No, it's not easy getting a bead on how these people's minds work! And for that reason alone, Deresiewicz's book has value. Yet one of the solipsisms of "Excellent Sheep" is that its author assumes his readers are all Ivy Leaguers, too -- either alumni, current students or aspirants. His 2008 essay, he explains, "went viral," and as a result he apparently has spent much of the intervening years corresponding with Ivy Leaguers as well as giving talks at colleges about what education is really for. This has fostered an annoying propensity to catchphrases and aphorisms: "A real education sends you into the world bearing questions, not resumes"; "You may not be interested in politics, but politics is interested in you"; "The point is not to have a high IQ. The point is to use it." A little bit of this goes a long way in a written text (as opposed to a talk), and even when you basically agree with the sentiments, it starts to sound pat.
The middle section of "Excellent Sheep" is given over to exhorting top students not to reflexively major in economics and aim for Wall Street careers just because everyone they know -- especially their helicopter parents -- expects them to. They should explore, take chances, consider majors in the humanities, break up their habitual ways of thought, figure out who they really are, and so on, all decent advice, but hardly revelatory. I've enjoyed Deresiewicz's literary criticism, but I don't need him to explain the value of art and perils of status-seeking to me. Too many passages begin with the sort of cranky refrain best confined to Andy Rooney spots and Facebook comments. Pro tip: Whenever you find yourself beginning a sentence with "Whatever happened to..." just stop right there.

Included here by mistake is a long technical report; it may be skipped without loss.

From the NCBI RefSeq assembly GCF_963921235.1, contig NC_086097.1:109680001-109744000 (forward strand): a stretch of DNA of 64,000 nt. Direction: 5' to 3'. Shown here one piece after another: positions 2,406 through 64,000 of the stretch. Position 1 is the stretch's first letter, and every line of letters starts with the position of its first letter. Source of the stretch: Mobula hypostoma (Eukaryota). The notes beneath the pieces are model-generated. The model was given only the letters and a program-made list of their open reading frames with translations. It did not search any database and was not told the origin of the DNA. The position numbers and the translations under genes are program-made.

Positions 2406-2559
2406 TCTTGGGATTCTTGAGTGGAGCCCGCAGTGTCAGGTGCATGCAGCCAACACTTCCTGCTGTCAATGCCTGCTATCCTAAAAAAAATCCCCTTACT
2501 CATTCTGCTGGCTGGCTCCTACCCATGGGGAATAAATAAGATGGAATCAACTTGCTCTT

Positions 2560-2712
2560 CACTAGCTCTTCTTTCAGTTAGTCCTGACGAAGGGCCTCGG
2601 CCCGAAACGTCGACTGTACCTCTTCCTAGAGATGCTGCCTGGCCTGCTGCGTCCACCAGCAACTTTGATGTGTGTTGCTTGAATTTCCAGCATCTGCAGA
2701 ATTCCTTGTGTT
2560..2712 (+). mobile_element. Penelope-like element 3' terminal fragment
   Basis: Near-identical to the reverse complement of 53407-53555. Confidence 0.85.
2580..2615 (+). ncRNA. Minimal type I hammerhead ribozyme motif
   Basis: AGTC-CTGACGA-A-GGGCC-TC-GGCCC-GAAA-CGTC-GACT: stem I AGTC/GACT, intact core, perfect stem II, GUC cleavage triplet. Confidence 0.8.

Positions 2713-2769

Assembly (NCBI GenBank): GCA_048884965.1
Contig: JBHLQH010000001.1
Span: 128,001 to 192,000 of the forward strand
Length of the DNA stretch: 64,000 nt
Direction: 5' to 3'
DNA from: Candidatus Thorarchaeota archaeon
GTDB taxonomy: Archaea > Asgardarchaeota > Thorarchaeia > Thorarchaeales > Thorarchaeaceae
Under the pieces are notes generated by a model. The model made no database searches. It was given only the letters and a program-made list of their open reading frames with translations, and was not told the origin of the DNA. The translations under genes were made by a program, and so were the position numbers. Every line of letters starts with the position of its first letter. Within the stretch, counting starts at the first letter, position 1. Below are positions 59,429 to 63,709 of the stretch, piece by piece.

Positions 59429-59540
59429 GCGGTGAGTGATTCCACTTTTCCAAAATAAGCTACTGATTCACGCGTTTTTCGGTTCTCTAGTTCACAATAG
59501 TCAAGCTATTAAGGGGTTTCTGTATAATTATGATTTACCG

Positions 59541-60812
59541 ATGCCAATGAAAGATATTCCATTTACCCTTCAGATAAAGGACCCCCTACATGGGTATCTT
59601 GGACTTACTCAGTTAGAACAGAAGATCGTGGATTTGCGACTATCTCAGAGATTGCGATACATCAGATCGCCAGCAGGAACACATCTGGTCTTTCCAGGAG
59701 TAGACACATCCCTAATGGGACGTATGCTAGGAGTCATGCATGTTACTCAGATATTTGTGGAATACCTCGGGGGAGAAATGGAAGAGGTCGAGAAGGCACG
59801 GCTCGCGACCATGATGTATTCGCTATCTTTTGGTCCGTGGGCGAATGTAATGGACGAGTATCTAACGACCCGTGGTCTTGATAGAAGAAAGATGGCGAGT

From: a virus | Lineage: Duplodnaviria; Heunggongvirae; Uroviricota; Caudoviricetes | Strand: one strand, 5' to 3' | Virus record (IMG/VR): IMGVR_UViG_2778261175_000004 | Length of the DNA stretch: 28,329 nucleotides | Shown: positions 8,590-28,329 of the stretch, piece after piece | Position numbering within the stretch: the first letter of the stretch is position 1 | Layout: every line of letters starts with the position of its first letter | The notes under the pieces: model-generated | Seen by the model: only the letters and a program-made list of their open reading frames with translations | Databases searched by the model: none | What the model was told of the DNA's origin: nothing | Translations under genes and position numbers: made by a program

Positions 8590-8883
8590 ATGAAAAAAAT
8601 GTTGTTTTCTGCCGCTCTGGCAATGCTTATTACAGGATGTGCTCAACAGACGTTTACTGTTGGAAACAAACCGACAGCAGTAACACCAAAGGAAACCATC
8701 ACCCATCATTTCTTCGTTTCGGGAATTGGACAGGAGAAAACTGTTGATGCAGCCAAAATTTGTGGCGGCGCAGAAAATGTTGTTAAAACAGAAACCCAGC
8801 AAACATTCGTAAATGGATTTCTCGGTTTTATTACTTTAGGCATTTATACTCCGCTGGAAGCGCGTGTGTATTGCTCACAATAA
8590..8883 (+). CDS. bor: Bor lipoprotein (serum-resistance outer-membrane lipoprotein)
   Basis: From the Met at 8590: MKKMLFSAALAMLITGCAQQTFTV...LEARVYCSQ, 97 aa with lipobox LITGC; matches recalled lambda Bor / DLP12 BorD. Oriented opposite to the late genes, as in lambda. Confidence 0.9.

If some of "Excellent Sheep" feels padded or unduly shaped by the public-speaking element of Deresiewicz's work, other parts are self-contradictory. (He urges students to pursue their quirkier dreams, such as becoming an organic farmer, then scolds them for thinking running an organic farm constitutes meaningful social engagement.) Yet Deresiewicz also presents plenty of evidence, both statistical and anecdotal, that Ivy League students often feel lost or trapped on a treadmill of obligatory and fundamentally hollow man-in-the-grey-flannel-suit-style achievement. "I am just a machine with no life at this place ... I am a robot just going page by page, doing the work," said one. "I hate all my activities, I hate all my classes, I hated everything I did in high school, I expect to hate my job, and this is just how it's going to be for the rest of my life," said another.
Apart from the basic decency of not wishing such a condition on any human being, regardless of their upbringing, this is really not the way you want the people running banks and practicing law to feel about their lives and work. Just as it's unreasonable to expect prep-school-level academic skills from young people emerging from underfunded public school districts, it's dumb to expect integrity from kids who have been raised to chase test scores, brass-ring credentials and other superficial symbols of "success" to the exclusion of all else. In this respect, "Excellent Sheep" resembles "The Feminine Mystique" for the meritocracy -- less focused and innovative than Friedan's epochal 1963 book, perhaps, and definitely not speaking for everyone, but valuable all the same for identifying the worm at the heart of a condition we've all been led to believe is ideal.